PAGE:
Competition can be so detrimental to society. Yes, it can be a driving force for advancement in many walks of life but it can also breed so much negativity. As a professional actor I compete for roles every day of my life. And even in school, children compete for roles in productions. Some get in, others do not. But what I really like about theatre is the number of areas children can get involved. Like sports, some children have innate skills that make it easier for them to excel. Other children must work at it to get better. But unlike children’s sports, theatre offers many other options. Perhaps a children really wants to be involved in theatre but doesn’t sing. Well then, they may be able to dance well. If they don’t dance well perhaps they have the natural ability to act. If a child wants to be involved in theatre but doesn’t act, sing or dance well they can be involved in the technical side. They can learn, costuming, set building, lighting, sound, and if they have incredible organizational capabilities they may be able to stage manage or even co-direct a show. That way they can do what they love, and be involved in putting together a great show. That is the one thing I love about getting children involved in theatre. Everyone can be included and work toward a common goal because in theatre no one is more important than the other. Without the “whole” there is no end result.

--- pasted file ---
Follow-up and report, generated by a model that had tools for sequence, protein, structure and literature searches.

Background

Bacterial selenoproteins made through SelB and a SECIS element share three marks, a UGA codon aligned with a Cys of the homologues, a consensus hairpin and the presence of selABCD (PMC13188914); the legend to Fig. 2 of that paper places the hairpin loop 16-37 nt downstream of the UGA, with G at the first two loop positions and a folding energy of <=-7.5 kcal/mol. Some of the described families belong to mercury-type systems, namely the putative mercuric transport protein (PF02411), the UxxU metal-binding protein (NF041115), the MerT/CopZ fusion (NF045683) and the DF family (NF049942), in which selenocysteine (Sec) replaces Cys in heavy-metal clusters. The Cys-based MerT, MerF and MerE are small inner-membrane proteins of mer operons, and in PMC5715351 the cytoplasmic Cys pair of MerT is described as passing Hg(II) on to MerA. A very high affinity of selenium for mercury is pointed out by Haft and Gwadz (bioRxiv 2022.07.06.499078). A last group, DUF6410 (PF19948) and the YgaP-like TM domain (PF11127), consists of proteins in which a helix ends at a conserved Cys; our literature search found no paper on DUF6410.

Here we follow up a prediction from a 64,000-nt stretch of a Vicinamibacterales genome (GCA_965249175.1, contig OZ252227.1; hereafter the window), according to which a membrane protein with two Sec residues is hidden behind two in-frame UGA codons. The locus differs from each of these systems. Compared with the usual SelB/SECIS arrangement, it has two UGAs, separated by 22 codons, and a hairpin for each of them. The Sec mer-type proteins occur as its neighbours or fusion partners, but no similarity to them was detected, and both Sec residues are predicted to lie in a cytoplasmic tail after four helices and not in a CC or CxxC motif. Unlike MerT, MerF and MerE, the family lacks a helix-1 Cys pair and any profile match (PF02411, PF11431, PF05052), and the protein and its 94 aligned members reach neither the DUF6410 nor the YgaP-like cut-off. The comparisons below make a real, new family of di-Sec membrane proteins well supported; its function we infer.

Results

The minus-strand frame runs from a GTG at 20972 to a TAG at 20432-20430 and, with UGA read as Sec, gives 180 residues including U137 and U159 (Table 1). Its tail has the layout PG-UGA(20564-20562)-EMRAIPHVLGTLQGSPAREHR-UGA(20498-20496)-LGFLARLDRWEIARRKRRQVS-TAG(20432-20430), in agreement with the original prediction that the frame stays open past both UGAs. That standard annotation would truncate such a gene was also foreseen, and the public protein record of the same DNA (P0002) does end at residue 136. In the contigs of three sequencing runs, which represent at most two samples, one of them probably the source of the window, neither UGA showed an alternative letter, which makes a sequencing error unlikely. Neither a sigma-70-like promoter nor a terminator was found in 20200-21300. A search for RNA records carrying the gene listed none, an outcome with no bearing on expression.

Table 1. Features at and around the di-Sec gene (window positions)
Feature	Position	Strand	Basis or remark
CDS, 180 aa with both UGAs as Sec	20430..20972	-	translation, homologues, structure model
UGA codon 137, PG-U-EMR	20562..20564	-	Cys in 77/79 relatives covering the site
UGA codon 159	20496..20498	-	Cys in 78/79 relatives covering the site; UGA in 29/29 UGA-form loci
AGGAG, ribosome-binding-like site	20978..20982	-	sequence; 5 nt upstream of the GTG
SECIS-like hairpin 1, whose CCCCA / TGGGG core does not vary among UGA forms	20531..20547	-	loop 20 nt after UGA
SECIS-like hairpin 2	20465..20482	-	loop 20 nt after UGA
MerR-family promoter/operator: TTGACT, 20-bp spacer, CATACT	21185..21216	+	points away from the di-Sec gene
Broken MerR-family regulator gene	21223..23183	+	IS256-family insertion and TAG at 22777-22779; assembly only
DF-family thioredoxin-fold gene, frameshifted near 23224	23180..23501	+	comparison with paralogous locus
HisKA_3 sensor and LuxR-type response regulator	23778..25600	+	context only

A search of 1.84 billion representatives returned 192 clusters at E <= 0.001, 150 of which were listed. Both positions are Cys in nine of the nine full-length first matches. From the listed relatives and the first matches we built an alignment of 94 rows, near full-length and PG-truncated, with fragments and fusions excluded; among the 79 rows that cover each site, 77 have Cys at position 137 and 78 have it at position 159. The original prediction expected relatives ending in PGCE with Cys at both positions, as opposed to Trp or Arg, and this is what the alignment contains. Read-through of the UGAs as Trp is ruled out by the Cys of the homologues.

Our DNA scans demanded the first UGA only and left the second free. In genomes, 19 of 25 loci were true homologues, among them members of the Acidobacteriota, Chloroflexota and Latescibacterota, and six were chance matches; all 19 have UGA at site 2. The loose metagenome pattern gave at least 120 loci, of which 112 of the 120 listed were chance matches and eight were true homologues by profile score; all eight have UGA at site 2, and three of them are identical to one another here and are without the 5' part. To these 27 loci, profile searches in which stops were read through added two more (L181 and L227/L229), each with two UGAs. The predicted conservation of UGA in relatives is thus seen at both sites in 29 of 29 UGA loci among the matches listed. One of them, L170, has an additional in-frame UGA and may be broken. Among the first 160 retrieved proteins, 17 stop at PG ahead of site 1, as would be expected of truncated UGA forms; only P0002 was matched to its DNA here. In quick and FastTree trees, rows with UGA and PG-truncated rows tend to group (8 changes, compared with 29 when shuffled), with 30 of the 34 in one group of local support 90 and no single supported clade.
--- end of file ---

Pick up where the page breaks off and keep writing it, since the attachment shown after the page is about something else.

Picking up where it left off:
I have friends who loved both sports and theatre. Even in school some of them attacked both with equal fervor. I was always impressed with that passion. I love watching sports but I never really had the passion for it. I did my first play when I was in first grade and it was such a wonderful experience. But my performing in my first 14 or so years was playing my guitar and singing with my family’s bands and in church. It wasn’t until I finally gave up sports that I started really working toward something I love; theatre.

For the past week or so I’ve had the privilege of working with a young boy who was in our ensemble of my current production “Footloose”. I was behind the theatre one night and I met his mother and she said, “Oh, you’re Paul? He talks about you all the time and says you’re real nice.” Now, realize that this boy has done eight performances of this show and it’s quite a commitment for a child. She went on to say, “He can’t wait to come sing and dance every night! He really loves it”. I left the theatre feeling blessed to have been even a small part of his experience. I know there are stories like that in sports too. That just wasn’t my experience.